Do Legal Sanctions Reinforce Social Sanctions? Evidence 19th Century Brittany
AbstractIn a society that stigmatizes, how do judges or jurors judge criminals who possess a high stock of social capital: do they reinforce the effect of social sanctions by pronouncing higher legal sanctions? Do they behave impartially? Or do they attenuate the sentence, in order to produce a constant global deterrent effect? By using data from the 571 sentenced infanticide mothers in Brittany in the 19th century, the aim of this paper is to provide answers to these questions, and more generally to give evidence on the relationship between offender characteristics and sentences. This is implemented in estimated Multinomial Logit equations, which feature the verdicts announced to the infanticide mothers as the dependent variables, and the various personal characteristics of the mothers, the circumstances and objective of the murder, and the “technique” used to commit crime as the right hand side variables. The results show that jurors, i.e. members of the civil society, tend to reinforce the punitive effect of social sanction.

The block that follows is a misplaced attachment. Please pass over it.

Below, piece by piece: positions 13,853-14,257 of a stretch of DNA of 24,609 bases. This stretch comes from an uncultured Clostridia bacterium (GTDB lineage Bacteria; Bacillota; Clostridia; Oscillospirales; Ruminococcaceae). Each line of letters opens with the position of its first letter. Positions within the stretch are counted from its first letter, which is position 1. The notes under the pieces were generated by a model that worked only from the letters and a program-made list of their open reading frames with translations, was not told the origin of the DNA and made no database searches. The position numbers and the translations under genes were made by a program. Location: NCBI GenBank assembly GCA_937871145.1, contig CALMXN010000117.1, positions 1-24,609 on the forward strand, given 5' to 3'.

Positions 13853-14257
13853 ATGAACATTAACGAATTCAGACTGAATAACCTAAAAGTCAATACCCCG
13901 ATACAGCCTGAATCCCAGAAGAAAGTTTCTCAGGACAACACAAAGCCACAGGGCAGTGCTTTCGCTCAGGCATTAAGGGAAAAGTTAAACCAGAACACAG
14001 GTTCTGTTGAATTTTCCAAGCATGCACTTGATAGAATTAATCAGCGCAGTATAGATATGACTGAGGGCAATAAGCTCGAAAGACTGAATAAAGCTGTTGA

Download InfoTo our knowledge, this item is not available for download. To find whether it is available, there are three options:
1. Check below under "Related research" whether another version of this item is available online.
2. Check on the provider's web page whether it is in fact available.
3. Perform a search for a similarly titled item that would be available.
Bibliographic InfoArticle provided by Institute of SocioEconomics in its journal Homo Oeconomicus.
Volume (Year): 23 (2005)
Issue (Month): ()
Contact details of provider:
Postal: Von-Melle-Park 5, 20146 Hamburg
Phone: 49 40 42838-4457
Fax: 49 40 42838-6329
Web page: http://www.uni-hamburg.de/fachbereiche-einrichtungen/fb03/ise/index.html
More information through EDIRC
You can help add them by filling out this form.
reading list or among the top items on IDEAS.Access and download statisticsgeneral information about how to correct material in RePEc.
For technical questions regarding this item, or to correct its authors, title, abstract, bibliographic or download information, contact: (Matthew Braham) The email address of this maintainer does not seem to be valid anymore. Please ask Matthew Braham to update the entry or send us the correct address.
If references are entirely missing, you can add them using this form.